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Thursday, August 17, 2006

AWS-1 Auction - Day 6 Summary

Today, there was very little action on the supa-regional D/E/F bands: 0 bids on the “F” band; 3 on the “D”; and 6 on the “E”. Verizon Wireless didn’t make a single bid all day. However, the total number of bids on Day 6 was higher than on other day apart from the initial day. This is because today was all about reducing the price differential between the A/B/C bands and the D/E/F bands. With the differential on the key A and C bands still standing at 6.06x and 3.9x, as opposed to 11.2x and 7.5x yesterday, realistically I expect tomorrow to be another day of “differential reduction”

The U.S. Treasury will not be crying too much - they still raised an additional US$1,641,242,350 in the day.

AWS-1 Day6

In terms of Cingular, they have joined Verizon Wireless in having less bidding units left than is required to buy 20MHz of mainland USA license. So only T-Mobile and SpectrumCo are left with more than enough bidding units left to buy a nationwide license.

We are getting to the stage in the auction that the major bidders remaining (ie Verizon Wireless, Cingular, SpectrumCo and T-Mobile) are looking at the medium sized bidders and trying to figure out how much they can really afford to continue bidding.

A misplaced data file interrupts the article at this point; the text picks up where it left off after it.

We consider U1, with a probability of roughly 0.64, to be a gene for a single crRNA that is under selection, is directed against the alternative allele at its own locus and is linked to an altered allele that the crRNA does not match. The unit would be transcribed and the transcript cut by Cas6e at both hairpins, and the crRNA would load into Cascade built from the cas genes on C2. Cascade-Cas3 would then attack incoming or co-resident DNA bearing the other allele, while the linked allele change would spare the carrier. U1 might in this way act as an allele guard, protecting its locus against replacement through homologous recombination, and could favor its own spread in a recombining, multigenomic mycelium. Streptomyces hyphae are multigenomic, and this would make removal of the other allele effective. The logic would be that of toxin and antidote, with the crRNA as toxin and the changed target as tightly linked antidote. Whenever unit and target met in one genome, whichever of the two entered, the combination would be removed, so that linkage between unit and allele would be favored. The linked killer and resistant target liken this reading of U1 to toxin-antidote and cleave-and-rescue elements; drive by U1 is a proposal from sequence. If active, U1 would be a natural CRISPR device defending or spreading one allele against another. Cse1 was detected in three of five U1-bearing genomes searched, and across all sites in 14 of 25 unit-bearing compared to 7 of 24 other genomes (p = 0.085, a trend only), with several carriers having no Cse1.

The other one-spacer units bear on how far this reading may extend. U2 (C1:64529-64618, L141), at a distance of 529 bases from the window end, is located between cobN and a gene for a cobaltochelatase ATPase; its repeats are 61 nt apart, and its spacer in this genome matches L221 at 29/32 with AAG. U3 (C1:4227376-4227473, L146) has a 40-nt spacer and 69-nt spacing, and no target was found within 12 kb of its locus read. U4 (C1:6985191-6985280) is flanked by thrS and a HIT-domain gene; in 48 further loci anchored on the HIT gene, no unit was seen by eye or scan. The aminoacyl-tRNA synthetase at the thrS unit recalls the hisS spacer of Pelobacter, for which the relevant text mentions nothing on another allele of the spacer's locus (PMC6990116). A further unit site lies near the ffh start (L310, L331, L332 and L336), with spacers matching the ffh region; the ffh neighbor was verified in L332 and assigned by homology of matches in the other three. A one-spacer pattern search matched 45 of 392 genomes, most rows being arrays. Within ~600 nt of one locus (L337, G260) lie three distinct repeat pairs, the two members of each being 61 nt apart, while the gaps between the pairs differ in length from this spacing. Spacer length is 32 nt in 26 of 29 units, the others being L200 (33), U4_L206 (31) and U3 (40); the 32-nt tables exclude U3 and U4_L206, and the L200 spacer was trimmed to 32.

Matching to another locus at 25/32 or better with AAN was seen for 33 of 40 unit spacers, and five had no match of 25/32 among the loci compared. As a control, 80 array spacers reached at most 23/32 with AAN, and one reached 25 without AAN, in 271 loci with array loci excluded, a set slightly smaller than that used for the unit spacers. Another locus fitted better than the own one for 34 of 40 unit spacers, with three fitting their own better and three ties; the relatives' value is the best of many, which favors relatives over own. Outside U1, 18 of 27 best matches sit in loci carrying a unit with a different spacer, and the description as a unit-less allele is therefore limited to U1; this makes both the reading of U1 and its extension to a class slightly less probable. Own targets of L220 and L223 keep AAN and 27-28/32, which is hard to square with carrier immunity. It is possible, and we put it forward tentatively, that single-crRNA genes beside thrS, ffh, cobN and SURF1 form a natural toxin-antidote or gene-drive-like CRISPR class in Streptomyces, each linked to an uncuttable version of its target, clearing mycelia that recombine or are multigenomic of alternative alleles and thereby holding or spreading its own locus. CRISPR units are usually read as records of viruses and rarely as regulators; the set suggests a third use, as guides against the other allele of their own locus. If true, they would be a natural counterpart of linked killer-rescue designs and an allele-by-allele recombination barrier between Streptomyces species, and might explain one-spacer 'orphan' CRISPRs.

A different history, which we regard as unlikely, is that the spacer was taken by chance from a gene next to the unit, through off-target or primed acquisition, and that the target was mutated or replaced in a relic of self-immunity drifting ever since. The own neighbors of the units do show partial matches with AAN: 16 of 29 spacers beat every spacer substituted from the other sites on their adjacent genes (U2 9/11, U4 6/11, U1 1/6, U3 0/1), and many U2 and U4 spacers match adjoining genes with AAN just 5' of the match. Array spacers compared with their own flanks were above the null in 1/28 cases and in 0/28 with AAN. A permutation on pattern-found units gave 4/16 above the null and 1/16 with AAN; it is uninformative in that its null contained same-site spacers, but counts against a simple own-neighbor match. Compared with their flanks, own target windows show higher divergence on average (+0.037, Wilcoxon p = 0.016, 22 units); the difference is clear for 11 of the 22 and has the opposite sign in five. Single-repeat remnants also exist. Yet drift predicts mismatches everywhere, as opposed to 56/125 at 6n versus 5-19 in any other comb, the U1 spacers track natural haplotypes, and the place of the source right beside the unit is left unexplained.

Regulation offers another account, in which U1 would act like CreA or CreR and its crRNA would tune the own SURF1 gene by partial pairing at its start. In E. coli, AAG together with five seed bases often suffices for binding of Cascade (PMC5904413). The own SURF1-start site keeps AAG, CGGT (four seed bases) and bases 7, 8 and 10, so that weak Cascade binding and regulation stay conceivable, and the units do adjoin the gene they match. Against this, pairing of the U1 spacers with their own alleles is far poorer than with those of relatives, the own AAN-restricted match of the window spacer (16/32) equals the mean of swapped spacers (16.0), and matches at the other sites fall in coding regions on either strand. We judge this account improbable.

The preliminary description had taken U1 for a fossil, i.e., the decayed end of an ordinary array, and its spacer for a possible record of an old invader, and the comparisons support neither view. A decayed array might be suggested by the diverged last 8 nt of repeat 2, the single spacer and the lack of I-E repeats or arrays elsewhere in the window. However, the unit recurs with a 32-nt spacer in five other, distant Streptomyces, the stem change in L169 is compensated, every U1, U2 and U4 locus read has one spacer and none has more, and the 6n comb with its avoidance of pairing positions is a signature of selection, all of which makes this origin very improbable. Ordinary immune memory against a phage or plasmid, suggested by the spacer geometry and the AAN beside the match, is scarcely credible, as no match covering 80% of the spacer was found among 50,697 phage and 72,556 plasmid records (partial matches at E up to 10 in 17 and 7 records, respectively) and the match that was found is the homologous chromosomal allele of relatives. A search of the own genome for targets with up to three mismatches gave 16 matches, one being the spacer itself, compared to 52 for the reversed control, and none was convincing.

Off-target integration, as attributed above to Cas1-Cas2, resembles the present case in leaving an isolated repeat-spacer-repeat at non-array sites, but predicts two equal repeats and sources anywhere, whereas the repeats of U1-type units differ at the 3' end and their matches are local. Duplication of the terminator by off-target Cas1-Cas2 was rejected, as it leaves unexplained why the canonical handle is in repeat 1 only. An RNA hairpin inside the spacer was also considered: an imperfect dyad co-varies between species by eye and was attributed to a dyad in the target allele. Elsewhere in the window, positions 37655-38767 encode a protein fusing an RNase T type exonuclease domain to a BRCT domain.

AWS-1 Exposure

I suspect that overall Cingular and Verizon Wireless are well within budget and can afford it if the prices go a lot higher. I also suspect that T-Mobile who with their current availability could gain at a maximum around 40MHz of nationwide spectrum can afford the price even on the “F” exposure figure. The wild card is SpectrumCo – who knows the details of the partnership agreement, let alone the strategic thinking of the partnership.

Leap Wireless the backer of Cricket and Denali announced today it would raise an addition US$250m in equity. However, its exposure is much greater than this and Leap is already heavily geared. The big players will have already spent a lot of money doing an analysis of Leap Wireless and the other medium sized bidders – how much can they really afford? When I say afford, I mean not only spectrum costs but also rollout and launch costs in new markets.

After all, when Nextwave bid a huge amount in previous auctions and ultimately went bankrupt and the spectrum went unused for many a year, the only real winners were the incumbents in the Nextwave regions.